Park City Water Quality Manager Receives Award From Peers
The recent news for Park City’s Water Department includes their multi-million-dollar project to address the mine-tunnel water supply. Also, a Water Quality Manager with the city received an award from her peers.
The Park City council recently approved $11 million in water projects to treat the water coming out of the Spiro and Judge Tunnels. That tab for the city could ultimately be tens of millions.
The city’s Public Utilities Manager, Clint McAfee, said the project is less costly, since an agreement with the state allows them to address the drinking-water requirements, and not, in addition, federal requirements for stream water.
“We think this is a good investment.” McAfee explained, “we’ve minimized the cost through negations with the state and really whittled down the costs to what it would cost if we were treating it for drinking water only. So, we’ve kind of shed that additional burden for the stream water quality but that’s said it’s still very expensive. The technology that we’ll be implementing to treat this water will produce a product that it’s going to be almost perfect water. The last step in this is to get antimony out of the water. In order to do that you have to take everything else out to get down to antimony. So when water leaves this door and gets pumped into our distribution system it really will be the best water quality in our entire system.”
Meanwhile, Water Manager Michelle De Haan was recently honored with the “Emerald Erlenmeyer Award” from the American Water Works Association. (Erlenmeye is a type of laboratory flask.) DeHaan said she got the honor for her work in drinking water research.
“So, I’ve been involved in a lot of different committees and boards within the agency.” De Haan continued, “Also, for the last ten years I’ve been leading water research webcasts for the industry and international symposiums. I’ve also been the chair for many committees and a trustee for the last six years. I’ve had great opportunities to work with a lot of different scientists and water systems and manufacturers of different equipment in treatment technology specifically. So, I’ve done a lot of work with water distribution systems and water quality in water distribution systems. I’ve also done a lot of work on removal of inorganic contaminants in drinking water.”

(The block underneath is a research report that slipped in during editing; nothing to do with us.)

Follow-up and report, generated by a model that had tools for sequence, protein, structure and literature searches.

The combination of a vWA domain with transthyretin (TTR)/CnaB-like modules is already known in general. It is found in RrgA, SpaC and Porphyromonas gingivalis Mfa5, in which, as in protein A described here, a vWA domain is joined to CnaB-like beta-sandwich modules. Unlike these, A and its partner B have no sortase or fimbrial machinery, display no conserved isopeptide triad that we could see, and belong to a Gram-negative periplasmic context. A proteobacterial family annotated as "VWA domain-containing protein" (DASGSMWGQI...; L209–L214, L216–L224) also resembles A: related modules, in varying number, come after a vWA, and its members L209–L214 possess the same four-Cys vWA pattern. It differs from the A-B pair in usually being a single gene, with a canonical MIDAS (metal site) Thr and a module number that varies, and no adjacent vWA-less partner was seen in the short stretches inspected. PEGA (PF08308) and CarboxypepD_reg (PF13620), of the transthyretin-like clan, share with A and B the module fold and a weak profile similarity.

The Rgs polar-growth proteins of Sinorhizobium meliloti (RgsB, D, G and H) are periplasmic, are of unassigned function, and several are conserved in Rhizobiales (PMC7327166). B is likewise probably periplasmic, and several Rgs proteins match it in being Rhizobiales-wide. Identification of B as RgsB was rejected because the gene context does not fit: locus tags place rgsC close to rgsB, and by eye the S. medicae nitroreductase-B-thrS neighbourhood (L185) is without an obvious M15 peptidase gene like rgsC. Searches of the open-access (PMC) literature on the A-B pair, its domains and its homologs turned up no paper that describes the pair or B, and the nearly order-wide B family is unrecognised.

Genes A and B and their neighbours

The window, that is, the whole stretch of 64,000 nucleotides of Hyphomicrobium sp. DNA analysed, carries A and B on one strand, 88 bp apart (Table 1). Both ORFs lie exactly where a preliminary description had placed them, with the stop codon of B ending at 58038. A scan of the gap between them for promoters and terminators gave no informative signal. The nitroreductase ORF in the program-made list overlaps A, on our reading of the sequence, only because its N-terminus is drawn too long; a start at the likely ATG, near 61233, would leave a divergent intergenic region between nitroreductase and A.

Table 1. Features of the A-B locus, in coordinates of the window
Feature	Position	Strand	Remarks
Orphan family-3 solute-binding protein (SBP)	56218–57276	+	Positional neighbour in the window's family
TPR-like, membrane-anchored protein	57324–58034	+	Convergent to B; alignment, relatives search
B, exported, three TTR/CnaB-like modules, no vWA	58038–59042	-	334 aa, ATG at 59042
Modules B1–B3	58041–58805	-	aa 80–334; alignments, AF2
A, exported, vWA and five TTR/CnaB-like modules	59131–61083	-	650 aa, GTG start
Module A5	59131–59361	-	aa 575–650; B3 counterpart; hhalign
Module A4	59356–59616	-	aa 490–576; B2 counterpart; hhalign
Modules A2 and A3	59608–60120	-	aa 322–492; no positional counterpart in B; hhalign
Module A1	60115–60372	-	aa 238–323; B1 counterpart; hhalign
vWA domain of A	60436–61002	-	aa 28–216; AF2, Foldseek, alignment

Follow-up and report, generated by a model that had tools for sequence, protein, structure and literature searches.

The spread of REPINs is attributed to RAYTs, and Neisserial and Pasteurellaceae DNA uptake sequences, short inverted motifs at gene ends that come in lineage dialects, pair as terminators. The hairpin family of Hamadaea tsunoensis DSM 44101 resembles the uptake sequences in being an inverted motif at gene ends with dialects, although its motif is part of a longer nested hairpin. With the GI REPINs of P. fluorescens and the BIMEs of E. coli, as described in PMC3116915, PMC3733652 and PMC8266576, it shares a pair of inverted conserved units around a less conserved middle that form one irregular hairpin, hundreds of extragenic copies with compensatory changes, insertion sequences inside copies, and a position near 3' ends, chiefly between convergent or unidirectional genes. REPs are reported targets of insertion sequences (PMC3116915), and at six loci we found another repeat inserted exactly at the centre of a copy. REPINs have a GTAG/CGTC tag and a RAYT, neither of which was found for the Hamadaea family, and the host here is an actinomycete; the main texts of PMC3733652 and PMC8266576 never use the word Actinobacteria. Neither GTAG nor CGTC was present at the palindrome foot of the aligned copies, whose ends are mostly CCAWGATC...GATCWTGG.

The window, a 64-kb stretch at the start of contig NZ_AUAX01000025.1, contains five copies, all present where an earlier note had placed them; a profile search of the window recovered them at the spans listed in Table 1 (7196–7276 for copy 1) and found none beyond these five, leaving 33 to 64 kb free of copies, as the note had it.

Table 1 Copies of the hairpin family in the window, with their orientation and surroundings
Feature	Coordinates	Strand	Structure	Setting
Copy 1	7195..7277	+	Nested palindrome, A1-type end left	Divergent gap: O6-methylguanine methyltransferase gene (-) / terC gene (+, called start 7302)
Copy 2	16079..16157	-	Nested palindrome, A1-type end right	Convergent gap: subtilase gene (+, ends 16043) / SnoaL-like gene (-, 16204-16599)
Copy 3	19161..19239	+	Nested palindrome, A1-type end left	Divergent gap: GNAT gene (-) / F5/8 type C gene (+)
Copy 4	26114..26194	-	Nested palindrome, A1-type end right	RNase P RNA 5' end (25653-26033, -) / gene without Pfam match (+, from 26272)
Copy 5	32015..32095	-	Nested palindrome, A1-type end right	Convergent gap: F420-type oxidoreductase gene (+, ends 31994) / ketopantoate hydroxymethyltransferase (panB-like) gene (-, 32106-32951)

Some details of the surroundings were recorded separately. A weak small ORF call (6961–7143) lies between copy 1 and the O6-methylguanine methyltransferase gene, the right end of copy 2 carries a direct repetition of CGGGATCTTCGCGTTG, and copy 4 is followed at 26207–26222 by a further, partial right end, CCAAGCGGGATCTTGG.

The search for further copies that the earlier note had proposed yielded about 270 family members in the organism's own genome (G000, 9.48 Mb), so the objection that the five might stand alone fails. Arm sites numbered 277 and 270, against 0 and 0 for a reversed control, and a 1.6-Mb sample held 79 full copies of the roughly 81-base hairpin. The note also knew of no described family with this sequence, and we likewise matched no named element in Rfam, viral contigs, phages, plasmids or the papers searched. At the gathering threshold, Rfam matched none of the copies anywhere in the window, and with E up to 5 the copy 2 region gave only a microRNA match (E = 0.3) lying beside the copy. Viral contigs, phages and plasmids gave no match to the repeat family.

She said her work certainly relates to the city’s mine-tunnel water.
“Including things like what we have in our tunnel water so Iron and Manganese and things like Arsenic and Thallium and Antimony.” De Haan said, “Some of the work we did early on for the Three Kings Water Treatment Plant project were to have a full-scale pilot plant in the laboratory at the plant so that we could understand how to remove these contaminants very well with our water specifically. Actually, we’re doing some cutting-edge work that other water systems have never had to deal with because it’s not very common that we have these types of sore supplies in the water industry. That work has really allowed us to do a lot of presenting nationally on what we’re doing in Park City for containment removal, like for Thallium which has been well understood in the industry.”
Finally, work is progressing on the city’s water-line repair project at Heber and Main, following the line break there earlier this fall. McAfee said there have been challenges and delays due to the water and sewer infrastructure.
“The tie-ins to the existing water system have been complicated.” McAfee explained, “It’s old infrastructure and you first have to find it and then kind of figure out how to connect to it while keeping as many businesses in water services as possible. That’s what delayed us a little bit. The other delay was the addition of the sewer manhole. We started the project we reached out to other utilities. The sewer district identified a manhole that was a high priority for them. That put us back about a week due to its depth and location. We went ahead and did that just to minimize any future impact. So hopefully if there’s any digging in that intersection in the next several decades it’s not us.”